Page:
The NHL Draft has always seen its share of players with family ties but the 2014 edition that took place in Philadelphia this weekend could just as easily have been called Father's Day.
In all, 13 players chosen at this year's draft have fathers whose time in the NHL ran the gamut from a cup of coffee to Hall of Fame careers.
Two of those NHL offspring, Pittsburgh Penguins draft pick Kasperi Kapanen and Toronto Maple Leafs' top pick William Nylander, are not only the sons of former NHL players Sami Kapanen and Michael Nylander, but were actually teammates with their fathers in Finland and Sweden respectively this past season.
"I don't think words can really describe what I feel now that I look back at it, it was a big thing for me," said Kasperi Kapanen, who grew up playing hockey in New Jersey while his father was with the Philadelphia Flyers before returning to Finland when Kasperi was 12 years old.
The younger Kapanen made his pro debut with his dad's club, KalPa Kuopio, in the 2012-13 season, playing in 13 regular season games and four playoff contests as a 16-year-old, and played 47 games as a Liiga rookie this past season.
"Playing with your dad, you know you always watched him from the stands and you kind of cheered for him and now you're on the same bench and the same line with him," he said. "It's weird but at the same time, I really enjoyed it. Unfortunately, he's going to retire now but he had a great career and I'm really proud of him."
Like Kapanen, Nylander did not have as big of a season as he would have liked while skating with his dad's team, Rogle BK, in Sweden's Allsvenskan, but finished with a flourish after going to Sodertalje (the club both played for in 2012-13) shortly after Christmas.
"It's hard to say," said the younger Nylander when asked about the slow start. "I came back to the same team where I played the year before (Sodertalje). I think that may have helped me. Maybe the coaches gave me the confidence that I needed to play the way I could."
Nylander was particularly impressive for Sweden's U18 team at the 2014 U18 World Championship, scoring six goals with 10 assists in seven games.
Among the top 2014 selections in North America, Buffalo Sabres top pick Sam Reinhart is the son of former Calgary Flames defenseman Paul Reinhart and the brother of previous draft picks Max (Calgary, 2010) and Griffin (New York Islanders, 2014). Arizona Coyotes first round selection Brendan Perlini, whose father Fred Perlini was in the Toronto organization in the early 1980's and played in eight NHL games with the Leafs, first started playing hockey in Great Britain when his father was playing and later coaching there.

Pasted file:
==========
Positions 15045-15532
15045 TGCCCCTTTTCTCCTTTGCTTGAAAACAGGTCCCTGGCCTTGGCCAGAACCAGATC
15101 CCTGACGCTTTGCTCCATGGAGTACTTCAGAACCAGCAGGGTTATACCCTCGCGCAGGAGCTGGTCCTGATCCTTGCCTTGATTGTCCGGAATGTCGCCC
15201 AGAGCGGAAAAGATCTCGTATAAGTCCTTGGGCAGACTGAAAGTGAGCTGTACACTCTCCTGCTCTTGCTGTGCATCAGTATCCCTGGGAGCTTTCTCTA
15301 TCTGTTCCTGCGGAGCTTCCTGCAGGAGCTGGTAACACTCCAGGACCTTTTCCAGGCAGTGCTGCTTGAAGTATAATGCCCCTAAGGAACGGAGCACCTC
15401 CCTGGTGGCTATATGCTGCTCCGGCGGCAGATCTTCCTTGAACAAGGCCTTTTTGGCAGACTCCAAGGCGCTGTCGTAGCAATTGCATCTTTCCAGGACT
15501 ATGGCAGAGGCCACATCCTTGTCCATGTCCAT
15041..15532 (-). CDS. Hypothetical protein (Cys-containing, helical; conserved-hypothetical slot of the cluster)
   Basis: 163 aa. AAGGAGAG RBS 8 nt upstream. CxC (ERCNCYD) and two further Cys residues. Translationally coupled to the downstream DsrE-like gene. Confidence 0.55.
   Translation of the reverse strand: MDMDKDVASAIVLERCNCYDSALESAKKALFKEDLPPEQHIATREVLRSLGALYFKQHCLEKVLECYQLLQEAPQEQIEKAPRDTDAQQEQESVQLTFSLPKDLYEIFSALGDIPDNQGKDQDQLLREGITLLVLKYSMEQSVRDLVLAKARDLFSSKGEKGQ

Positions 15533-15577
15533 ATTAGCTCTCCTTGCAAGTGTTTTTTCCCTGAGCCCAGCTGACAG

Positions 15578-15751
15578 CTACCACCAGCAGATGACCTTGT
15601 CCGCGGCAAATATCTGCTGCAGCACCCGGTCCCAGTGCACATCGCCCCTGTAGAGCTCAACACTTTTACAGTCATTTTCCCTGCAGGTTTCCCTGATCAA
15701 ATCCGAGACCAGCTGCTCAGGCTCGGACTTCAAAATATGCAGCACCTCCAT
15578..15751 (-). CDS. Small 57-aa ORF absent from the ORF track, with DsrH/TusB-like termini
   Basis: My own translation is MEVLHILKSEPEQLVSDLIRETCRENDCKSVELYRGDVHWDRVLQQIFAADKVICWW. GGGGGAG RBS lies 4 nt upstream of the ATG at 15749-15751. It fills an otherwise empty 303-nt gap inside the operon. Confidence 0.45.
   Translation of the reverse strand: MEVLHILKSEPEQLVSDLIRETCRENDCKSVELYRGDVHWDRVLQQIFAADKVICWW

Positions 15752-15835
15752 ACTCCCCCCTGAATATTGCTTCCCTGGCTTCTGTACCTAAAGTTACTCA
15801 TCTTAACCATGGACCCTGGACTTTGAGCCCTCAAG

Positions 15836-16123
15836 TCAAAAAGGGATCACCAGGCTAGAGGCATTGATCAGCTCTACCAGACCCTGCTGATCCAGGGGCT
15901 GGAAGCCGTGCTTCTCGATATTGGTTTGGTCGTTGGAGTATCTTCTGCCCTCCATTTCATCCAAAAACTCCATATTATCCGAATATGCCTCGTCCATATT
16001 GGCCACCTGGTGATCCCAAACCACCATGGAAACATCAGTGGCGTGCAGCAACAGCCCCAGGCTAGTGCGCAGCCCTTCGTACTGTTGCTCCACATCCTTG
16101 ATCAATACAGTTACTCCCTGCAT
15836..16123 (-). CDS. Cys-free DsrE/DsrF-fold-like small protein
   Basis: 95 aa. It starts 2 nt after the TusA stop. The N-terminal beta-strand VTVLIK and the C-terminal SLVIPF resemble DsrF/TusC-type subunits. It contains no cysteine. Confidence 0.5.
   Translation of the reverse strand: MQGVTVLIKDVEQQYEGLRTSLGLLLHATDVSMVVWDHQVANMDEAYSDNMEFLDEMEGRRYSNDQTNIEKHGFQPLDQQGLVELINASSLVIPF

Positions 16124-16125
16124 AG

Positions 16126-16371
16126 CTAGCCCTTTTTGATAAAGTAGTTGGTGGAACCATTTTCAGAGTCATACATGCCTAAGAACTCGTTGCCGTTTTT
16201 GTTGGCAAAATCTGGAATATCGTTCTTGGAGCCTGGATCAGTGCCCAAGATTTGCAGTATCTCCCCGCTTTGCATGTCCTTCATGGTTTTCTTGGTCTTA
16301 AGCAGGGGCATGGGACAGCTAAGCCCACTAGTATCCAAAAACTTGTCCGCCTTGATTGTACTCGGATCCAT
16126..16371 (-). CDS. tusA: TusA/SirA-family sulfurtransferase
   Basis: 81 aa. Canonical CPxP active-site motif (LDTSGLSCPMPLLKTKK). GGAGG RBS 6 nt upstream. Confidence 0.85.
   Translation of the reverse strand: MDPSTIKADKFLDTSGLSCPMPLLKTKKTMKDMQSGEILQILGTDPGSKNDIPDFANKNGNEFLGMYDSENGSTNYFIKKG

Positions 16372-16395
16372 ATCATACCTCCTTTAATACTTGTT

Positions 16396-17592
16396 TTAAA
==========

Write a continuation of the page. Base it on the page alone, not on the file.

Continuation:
A fifth player, Edmonton Oilers pick Leon Draisaitl is the son of Peter Draisaitl, who played for West Germany and Germany in the Olympics and World Championship and is currently the head coach of HK Hradec Kralove in the Czech Republic.
Asked about all the players and the draft process, Sami Kapanen, who like most of the other fathers was not at the draft when he was selected (by the Hartford Whalers in the fourth round in 1995), was enjoying the event.
"I think it's pretty exciting. I've actually never been at a draft myself so this is the first time through my son's eyes and being in the background and observing how all of this process goes," said Kapanen. "It's been a year of a lot of different kind of events and situations and expectations. I think in the future he can look back and look at this year that it's been a learning process for him handling a lot of different things and the public expectations. It's good for the young hockey players."
With the draft being held in Philadelphia, Kapanen also had an opportunity to catch up with several former teammates and friends. Interestingly, many of their sons are also promising hockey players.
At the Liberty Bell Games' prospects tournament held for players in the Atlantic District a few weeks ago, Sam Timonen (Kimo Timonen's son), defenseman Kelton Hatcher (Derian Hatcher), and forward Chayse Primeau and his younger brother Cayden Primeau (Keith Primeau) all participated while Carson Briere (Danny Briere) is another promising forward.
"It's fun. If you play with the fathers it's nice to follow up with the boys to see how they're doing," said Sami Kapanen. “There's a lot of players and I think in the upcoming years there will be more and more young players that are the sons of the former NHL players. I think it is creating excitement around the game."
It certainly is creating excitement in Philadelphia this weekend, both for fans, NHL parents, and these NHL draftees who will now take the next step down the path to the NHL that their fathers blazed for them.
Follow Tony Piscotta on Twitter via @HockeyNJ12